Chris Baldwin has joined team OUCH p/b Maxxis mid-season after a turbulent first six months of 2009 with Rock Racing. Baldwin will compete under his new guise at the Mt. Hood Cycling Classic beginning later today in Oregon.
Rock Racing demoted Baldwin from the men's professional team to its amateur counterpart at the beginning of the season. He was hit with more bad news in April when the team fired him, citing ‘budget cutbacks' as the main reason. He was briefly re-hired but instead decided to accept a counter-offer from OUCH p/b Maxxis' directeur sportif Mike Tamayo for the remainder of the 2009 season.
"I had been talking to Mike Tamayo over the winter after Toyota-United folded and things really just came together nicely now," Baldwin said. "I'm thrilled to have the opportunity to support and work for them. It's an exciting opportunity and a race program that suits me."
Baldwin is placed alongside Rory Sutherland, Pat McCarty and Floyd Landis to reinforce the squad's all-round talent in select stage races. "I think we will complement each other in climbing, time trials to be a multiple threat type of team," he said. "I came to the team to fill a place as an altitude climber and as another threat in the stage races."
Baldwin will not be participating in the upcoming TD Bank International Cycling Championships due to the conflicting Mt. Hood Cycling Classic. His season will also include Cascade Cycling Classic, Tour of Utah and possibly the Tour of Missouri. "The team was already set in place for Philadelphia before I joined," he said. "But, I'm excited to join the team at Mt. Hood. It's a chance to get on the new Kuota bike and ride with the guys."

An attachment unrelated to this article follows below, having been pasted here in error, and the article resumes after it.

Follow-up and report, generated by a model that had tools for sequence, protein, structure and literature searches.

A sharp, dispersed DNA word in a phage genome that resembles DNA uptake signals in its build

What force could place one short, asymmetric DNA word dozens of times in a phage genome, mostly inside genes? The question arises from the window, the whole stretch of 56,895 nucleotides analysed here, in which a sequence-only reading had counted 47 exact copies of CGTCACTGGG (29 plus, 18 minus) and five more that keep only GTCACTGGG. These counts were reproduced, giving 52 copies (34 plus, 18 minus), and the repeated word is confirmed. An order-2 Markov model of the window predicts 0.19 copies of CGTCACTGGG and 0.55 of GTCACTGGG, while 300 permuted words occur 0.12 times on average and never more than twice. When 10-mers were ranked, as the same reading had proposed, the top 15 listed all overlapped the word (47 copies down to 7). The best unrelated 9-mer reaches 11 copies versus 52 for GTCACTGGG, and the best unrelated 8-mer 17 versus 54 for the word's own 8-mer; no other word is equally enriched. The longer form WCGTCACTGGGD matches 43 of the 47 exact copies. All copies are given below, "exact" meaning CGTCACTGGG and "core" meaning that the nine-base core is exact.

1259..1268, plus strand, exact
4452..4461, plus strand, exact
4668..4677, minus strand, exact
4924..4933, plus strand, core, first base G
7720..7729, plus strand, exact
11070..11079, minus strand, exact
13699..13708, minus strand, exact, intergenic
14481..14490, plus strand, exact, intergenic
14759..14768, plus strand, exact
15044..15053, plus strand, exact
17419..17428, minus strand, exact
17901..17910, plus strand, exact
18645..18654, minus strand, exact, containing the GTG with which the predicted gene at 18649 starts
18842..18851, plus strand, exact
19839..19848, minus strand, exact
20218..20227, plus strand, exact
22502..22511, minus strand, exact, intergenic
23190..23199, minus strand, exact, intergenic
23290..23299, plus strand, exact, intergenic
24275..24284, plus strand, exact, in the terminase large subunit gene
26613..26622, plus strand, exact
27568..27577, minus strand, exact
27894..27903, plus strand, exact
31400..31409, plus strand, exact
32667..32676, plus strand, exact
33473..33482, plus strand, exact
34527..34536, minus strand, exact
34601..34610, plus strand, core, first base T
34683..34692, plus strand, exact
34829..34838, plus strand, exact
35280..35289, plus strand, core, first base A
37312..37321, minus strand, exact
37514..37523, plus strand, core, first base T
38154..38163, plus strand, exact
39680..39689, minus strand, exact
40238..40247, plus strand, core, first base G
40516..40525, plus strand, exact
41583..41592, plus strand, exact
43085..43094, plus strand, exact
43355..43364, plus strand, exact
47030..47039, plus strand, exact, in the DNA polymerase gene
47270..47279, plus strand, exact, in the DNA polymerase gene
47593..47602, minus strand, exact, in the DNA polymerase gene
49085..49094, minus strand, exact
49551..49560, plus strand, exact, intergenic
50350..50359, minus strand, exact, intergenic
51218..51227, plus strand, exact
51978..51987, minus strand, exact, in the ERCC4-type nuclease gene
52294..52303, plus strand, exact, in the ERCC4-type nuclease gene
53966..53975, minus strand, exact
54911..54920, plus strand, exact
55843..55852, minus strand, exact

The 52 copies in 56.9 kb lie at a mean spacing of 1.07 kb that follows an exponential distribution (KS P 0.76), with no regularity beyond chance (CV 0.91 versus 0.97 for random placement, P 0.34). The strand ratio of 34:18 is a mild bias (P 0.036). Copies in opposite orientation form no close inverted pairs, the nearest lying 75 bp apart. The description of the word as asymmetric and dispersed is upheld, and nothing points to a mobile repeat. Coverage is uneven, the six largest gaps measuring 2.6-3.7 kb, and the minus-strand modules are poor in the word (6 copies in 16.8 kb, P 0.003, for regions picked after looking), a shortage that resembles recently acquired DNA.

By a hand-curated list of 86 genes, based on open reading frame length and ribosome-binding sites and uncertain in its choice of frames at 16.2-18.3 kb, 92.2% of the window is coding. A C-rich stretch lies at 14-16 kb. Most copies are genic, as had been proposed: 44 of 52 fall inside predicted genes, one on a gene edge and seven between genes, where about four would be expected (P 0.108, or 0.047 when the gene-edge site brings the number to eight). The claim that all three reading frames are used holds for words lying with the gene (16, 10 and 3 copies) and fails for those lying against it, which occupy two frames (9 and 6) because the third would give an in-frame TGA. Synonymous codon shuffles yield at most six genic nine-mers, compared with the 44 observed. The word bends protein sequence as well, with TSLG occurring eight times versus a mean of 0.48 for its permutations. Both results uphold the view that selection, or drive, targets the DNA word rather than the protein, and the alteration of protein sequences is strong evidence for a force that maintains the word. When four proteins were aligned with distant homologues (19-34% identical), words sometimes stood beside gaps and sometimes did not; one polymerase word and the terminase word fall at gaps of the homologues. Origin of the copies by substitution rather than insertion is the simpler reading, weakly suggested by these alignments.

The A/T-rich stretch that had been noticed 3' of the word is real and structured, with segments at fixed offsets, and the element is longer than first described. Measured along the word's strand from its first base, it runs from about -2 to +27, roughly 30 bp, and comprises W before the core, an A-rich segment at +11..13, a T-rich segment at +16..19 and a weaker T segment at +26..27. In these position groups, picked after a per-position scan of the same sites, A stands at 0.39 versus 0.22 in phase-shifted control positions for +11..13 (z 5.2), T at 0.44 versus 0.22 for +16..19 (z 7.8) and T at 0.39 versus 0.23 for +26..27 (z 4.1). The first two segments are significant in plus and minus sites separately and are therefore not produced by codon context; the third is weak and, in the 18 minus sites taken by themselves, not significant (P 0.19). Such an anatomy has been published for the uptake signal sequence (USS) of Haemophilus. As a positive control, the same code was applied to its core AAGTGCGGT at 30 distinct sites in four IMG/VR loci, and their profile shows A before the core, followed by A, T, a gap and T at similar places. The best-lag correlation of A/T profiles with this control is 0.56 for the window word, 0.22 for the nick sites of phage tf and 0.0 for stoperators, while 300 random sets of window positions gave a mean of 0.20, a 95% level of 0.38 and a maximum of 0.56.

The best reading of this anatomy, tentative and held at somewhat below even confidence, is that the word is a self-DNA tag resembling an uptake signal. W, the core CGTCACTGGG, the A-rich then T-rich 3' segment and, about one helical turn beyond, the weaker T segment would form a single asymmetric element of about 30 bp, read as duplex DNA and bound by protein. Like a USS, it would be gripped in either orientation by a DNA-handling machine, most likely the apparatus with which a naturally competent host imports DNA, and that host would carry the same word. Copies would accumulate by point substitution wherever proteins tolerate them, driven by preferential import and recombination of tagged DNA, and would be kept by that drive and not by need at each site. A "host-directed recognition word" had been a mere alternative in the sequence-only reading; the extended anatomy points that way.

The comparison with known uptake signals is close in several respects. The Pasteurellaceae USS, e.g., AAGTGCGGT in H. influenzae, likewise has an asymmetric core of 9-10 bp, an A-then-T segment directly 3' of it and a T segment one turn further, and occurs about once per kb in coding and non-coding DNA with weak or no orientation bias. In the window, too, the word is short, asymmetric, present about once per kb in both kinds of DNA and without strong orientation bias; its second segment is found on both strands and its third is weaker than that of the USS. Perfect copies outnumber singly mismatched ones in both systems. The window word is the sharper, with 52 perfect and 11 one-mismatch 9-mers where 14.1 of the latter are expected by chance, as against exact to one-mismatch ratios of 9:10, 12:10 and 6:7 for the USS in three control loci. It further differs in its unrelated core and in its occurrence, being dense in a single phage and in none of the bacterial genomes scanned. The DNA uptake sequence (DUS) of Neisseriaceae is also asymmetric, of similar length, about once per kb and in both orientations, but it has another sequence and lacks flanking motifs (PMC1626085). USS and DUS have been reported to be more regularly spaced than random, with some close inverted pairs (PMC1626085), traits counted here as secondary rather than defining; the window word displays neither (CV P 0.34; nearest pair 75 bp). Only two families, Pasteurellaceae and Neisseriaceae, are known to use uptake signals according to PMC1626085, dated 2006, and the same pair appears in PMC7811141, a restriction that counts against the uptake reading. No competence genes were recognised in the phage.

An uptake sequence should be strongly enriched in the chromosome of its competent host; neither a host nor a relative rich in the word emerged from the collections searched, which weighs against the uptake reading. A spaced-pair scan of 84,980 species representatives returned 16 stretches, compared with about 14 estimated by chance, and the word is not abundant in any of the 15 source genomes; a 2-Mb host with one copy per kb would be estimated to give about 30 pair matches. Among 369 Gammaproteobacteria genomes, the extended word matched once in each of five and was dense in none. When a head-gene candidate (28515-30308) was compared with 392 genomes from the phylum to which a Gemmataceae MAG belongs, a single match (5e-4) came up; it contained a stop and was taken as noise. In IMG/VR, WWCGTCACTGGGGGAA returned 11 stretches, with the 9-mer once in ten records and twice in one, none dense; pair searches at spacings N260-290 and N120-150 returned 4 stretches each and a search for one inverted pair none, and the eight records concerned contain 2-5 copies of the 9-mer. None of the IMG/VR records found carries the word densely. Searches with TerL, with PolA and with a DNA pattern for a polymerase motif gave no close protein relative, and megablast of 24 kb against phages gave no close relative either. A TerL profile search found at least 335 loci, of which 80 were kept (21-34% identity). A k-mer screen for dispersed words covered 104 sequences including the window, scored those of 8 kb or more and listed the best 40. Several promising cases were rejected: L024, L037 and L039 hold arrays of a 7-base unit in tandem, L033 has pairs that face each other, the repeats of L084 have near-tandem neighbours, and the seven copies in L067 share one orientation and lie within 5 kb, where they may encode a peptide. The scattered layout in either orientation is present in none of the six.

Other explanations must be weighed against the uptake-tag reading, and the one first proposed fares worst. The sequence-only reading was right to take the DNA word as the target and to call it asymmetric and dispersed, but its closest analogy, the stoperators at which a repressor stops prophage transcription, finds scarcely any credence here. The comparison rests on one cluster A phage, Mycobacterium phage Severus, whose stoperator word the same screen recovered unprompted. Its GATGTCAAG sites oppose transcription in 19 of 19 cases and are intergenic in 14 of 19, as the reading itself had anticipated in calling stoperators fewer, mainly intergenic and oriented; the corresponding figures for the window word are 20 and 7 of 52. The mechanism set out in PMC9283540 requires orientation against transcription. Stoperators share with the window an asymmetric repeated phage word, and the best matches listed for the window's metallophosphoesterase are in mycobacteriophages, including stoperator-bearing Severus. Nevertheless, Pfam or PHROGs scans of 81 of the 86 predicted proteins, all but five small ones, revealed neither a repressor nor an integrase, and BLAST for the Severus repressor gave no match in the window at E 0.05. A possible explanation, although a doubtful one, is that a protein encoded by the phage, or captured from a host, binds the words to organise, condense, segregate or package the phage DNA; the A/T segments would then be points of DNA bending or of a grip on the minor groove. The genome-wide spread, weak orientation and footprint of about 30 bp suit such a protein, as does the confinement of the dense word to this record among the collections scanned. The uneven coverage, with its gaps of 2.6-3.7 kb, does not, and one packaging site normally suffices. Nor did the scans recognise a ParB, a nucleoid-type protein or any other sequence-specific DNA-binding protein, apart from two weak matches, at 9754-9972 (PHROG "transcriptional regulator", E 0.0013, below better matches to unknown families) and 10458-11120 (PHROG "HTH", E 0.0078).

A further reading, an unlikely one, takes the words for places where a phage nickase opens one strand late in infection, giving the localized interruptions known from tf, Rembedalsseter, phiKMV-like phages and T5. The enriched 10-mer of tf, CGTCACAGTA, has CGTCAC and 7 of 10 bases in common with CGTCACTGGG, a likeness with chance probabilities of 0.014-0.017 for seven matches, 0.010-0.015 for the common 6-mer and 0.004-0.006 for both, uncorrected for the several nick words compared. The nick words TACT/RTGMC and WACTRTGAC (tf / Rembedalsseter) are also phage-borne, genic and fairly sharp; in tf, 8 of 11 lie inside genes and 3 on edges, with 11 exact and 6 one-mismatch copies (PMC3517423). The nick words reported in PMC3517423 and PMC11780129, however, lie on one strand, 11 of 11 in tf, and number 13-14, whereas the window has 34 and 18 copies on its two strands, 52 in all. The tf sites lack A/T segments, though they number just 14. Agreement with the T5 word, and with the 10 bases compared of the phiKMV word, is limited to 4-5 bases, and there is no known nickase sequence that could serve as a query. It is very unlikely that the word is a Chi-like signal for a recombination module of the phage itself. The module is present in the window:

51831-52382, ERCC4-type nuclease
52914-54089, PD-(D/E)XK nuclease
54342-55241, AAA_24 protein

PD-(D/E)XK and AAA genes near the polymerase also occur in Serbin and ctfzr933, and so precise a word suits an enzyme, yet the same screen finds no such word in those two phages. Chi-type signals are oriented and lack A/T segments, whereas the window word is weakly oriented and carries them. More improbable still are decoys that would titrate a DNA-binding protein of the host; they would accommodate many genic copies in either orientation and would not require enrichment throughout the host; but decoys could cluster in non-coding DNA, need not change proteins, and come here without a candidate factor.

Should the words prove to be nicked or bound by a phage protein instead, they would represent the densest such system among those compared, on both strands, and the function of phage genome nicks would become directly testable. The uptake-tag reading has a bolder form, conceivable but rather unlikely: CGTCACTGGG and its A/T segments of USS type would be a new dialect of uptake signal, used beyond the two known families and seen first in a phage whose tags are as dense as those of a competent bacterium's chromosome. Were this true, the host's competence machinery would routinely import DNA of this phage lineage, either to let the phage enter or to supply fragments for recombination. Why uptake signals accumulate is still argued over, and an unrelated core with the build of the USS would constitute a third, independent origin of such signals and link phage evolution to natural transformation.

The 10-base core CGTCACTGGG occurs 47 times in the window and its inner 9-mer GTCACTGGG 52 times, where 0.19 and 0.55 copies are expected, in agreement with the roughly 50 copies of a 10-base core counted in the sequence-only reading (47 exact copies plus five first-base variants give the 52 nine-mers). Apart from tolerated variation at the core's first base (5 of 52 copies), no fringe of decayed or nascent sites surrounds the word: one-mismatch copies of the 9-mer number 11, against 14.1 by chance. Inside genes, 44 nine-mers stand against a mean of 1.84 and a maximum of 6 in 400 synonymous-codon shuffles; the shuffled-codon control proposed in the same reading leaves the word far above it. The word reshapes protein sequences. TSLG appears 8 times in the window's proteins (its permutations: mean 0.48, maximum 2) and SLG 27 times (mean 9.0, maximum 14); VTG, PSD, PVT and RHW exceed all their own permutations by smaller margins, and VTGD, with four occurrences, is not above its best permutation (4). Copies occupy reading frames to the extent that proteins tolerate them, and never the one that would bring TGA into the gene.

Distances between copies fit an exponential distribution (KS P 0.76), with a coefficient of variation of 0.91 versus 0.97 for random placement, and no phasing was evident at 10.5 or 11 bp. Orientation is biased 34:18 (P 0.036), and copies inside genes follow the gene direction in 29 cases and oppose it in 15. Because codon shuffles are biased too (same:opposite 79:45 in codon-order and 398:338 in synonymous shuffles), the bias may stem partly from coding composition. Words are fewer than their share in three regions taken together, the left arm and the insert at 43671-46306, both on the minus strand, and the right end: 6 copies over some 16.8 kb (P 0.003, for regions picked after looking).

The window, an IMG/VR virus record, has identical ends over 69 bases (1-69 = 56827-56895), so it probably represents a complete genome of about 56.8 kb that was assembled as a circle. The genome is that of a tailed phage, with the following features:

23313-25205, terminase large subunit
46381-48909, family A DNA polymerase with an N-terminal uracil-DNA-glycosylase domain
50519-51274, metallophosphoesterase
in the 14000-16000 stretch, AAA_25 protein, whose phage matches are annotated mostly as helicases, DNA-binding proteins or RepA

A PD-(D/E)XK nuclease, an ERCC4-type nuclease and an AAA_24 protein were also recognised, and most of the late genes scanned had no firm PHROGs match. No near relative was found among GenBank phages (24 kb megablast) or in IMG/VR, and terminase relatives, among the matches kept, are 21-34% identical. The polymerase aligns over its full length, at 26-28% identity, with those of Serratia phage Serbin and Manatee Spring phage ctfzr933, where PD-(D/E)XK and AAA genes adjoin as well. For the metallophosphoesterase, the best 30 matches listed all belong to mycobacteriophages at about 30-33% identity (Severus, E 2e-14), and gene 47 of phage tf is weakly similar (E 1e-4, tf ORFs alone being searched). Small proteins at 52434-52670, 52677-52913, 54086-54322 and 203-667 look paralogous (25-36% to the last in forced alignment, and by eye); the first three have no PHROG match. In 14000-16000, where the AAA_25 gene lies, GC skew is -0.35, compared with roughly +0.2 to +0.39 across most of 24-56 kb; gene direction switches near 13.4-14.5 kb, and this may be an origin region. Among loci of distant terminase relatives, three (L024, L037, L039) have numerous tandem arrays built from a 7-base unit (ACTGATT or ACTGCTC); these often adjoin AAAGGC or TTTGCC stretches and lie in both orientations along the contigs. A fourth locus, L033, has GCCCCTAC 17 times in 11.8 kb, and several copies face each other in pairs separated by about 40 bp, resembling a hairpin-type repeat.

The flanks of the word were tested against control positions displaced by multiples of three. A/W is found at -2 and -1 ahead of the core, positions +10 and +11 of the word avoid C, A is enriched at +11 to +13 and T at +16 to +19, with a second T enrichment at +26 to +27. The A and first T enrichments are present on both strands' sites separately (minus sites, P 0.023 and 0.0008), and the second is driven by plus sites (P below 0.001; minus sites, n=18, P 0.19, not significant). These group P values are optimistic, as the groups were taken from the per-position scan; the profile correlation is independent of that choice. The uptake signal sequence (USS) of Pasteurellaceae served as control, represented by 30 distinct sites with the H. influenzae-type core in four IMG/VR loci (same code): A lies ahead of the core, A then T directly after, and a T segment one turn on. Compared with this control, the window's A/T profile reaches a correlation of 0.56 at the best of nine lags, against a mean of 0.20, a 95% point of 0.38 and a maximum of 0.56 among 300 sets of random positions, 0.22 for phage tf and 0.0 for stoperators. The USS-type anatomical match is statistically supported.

Baldwin has not competed in Philadelphia's race since 2005 because of event conflicts with races that better match his ability as a stage racer. "It would be special to be there to support that race, especially since they almost had to cancel it this year," said Baldwin who offered his predictions nonetheless.
"I think the pattern of that race has changed a lot since the last time I raced it," he continued. "It's more controlled and predictable now. More guys know how to float that Manyunk climb and figure out tactics by the finish. But if it is a bunch kick than I have to go with my boy Karl Menzies and then Sebastian Haedo."
Kirsten Frattini has been involved in bike racing from the grassroots level all the way to the World Cup. She is an honours graduate of Kinesiology and Health Science from York University in Toronto, Canada. Kirsten has worked in both print and digital publishing. She started with Cyclingnews as a North American Correspondent in 2006, and was responsible for reporting from the US and Canadian racing scene. Now as a Production Editor, she produces international race coverage for all cycling disciplines, edits global news and writes features.
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